These tutorials were created and intended for use in Photoshop CS6. I cannot guarantee their effectiveness in older versions of Photoshop or similar programs.
In case you missed it, below is Part 1:
Thanks for looking, and I hope this is helpful to at least some of you. If you find any mistakes, let me know! I don't intend that you copy the artwork in my example precisely, but rather use the information provided to you to create original pieces of your own.
This is the final product of these methods:
Artwork and tutorial pictured above ©MylaFox
Created in Adobe Photoshop CS6 with a medium Turcom Tablet.
You may repost, but please don't alter, sell or claim ownership.
I think I understand what you mean when you say you want your work to look more polished. I have struggled with this many times before. I have found that usually the culprit can be a couple of things. First, check your composition closely. Make certain there aren't too many empty gaps, and keep attention on your main focal paint. Conversely, you don't want too much detail to clutter the mind. Many times my underlying composition was poor, and the resulting image suffered for it no matter what I did. The composition will be the very essence of your image, so keep that in mind. Try starting out rough to get everything laid out before you focus on detail. This can go a long way, and you may find yourself enjoying your results.
Another reason your image might seem incomplete is a lack of detail in itself. If something just doesn't seem defined enough, chances are you need to go in and refine it further. Nebulae are a very important element in my space art, and they really make the painting come alive. However, just like they can make a painting, they can also break a painting. If I don't spend enough time refining them, then the whole thing just looks off. The same can be said for the stars. They need just the right placement and density to look right. I think a lot of this comes with experience, so just keep at it! Finally, you may want to try flattening your image and applying a slight sharpening filter to the whole thing. At this point, you can play with overlay layer textures as well for a subtle hint at variance. These are some neat tricks to add more flare to a painting that may be lacking it.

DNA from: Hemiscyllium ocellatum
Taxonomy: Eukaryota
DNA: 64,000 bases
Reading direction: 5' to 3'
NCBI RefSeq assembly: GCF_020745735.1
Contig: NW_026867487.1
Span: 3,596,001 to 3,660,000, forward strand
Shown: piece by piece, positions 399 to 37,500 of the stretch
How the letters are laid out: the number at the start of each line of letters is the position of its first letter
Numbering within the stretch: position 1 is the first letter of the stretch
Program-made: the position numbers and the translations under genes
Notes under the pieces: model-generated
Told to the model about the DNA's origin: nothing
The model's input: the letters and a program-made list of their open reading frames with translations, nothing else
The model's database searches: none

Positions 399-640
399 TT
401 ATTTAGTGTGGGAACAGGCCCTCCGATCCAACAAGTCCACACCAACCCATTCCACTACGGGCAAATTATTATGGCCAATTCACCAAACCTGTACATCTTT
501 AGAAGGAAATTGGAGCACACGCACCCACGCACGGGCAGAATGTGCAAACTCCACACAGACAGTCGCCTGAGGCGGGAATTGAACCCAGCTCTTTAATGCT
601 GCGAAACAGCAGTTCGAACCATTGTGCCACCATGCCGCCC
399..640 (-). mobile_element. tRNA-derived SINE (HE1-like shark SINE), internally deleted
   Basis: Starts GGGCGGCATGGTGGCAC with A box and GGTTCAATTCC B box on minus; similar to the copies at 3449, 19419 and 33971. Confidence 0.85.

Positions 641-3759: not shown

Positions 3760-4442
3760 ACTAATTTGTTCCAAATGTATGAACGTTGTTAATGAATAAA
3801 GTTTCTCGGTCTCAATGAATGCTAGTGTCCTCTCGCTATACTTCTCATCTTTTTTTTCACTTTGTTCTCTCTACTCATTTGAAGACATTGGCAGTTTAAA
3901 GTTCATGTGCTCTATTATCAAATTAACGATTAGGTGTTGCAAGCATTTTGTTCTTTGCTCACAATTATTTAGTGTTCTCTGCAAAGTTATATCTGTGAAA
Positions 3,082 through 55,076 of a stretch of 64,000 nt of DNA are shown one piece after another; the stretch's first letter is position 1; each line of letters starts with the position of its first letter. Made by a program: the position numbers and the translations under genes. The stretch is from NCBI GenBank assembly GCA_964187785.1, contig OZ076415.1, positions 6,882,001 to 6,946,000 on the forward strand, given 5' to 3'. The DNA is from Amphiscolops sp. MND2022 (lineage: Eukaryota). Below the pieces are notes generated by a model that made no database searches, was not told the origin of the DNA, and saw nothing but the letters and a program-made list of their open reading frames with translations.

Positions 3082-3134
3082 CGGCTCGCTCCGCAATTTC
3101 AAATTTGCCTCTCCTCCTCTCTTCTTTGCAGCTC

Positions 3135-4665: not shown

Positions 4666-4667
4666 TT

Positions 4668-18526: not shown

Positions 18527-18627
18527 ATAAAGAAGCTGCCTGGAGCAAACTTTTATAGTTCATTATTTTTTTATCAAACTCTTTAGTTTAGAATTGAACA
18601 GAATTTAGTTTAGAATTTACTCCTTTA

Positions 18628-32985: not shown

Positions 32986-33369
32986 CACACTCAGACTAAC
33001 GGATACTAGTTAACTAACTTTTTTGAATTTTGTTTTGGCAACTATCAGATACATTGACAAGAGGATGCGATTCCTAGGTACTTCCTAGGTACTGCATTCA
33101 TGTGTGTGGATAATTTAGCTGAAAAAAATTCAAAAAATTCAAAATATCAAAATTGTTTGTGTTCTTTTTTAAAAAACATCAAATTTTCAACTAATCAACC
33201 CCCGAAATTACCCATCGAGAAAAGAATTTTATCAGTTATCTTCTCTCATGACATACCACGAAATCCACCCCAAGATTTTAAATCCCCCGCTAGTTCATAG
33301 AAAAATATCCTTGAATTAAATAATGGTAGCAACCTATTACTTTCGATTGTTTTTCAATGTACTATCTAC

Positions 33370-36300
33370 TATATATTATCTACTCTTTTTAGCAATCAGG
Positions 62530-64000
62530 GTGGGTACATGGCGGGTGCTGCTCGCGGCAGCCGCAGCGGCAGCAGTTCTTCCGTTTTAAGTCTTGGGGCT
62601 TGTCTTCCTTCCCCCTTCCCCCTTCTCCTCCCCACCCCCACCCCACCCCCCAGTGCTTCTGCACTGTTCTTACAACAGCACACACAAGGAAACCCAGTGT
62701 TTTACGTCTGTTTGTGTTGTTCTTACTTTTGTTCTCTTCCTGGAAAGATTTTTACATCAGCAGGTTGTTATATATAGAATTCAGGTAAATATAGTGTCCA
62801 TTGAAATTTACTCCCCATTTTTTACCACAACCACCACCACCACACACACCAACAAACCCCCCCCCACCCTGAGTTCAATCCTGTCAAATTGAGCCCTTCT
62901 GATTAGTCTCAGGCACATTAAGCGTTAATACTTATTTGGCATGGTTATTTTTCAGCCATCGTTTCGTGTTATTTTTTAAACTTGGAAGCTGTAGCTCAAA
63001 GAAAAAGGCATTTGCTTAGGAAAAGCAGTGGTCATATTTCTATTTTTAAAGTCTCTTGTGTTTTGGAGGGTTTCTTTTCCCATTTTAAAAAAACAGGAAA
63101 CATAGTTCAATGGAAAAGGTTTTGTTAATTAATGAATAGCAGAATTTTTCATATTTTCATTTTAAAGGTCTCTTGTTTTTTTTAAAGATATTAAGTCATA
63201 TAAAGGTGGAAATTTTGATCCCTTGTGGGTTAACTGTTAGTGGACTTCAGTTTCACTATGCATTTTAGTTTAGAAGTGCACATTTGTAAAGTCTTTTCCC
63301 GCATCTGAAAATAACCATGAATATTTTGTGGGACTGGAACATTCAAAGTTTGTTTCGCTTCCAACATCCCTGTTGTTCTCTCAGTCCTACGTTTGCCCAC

I have been meaning to post some video guides. For one reason or another, I have been held back on that. I hope to be able to eventually as I realize it can be a big help to some people.
Thanks again for writing, and good luck!
And again, I think I'll have to use this tutorial as inspiration for a space picture at some point. Maybe with Super Sonic. ('Cause I totally need an excuse to draw more Super Sonic stuff.)
And of course... I'd love to see what you come up with!
I've tried many attempts with other tutorials but they always take it to far and always use noise for stars -.-
I hate noise, ugh, your example is what I do, but you do it a lot better XD
Well, I look forward to your next tutorial, lets see if your planets come out better (no doubt they will :/)
I still am quite new to spacescape painting myself, but I felt the need to share what I have learned so far since being asked about it multiple times.
I'm hoping the planet tutorial will turn out great, too! xD
My planets always appear fuzzy and somewhat off :/
Though one thing I did achieve was an exploding star, it was experimental and I think it appeared rather well, but the background stars were noise and didn't work to well.
It had 2 shockwaves, dang they was hard to make XD
But once I get a moment I'll play around with your tutorial more ^^
(I will admit, I never saw the count on the brush settings at the bottom, I always ended up with to many stars per stroke XD)
U'mm, i'll un store some of my space work, I'd appreciate it if you had a gander
Sure, I'll take a look when I get the chance.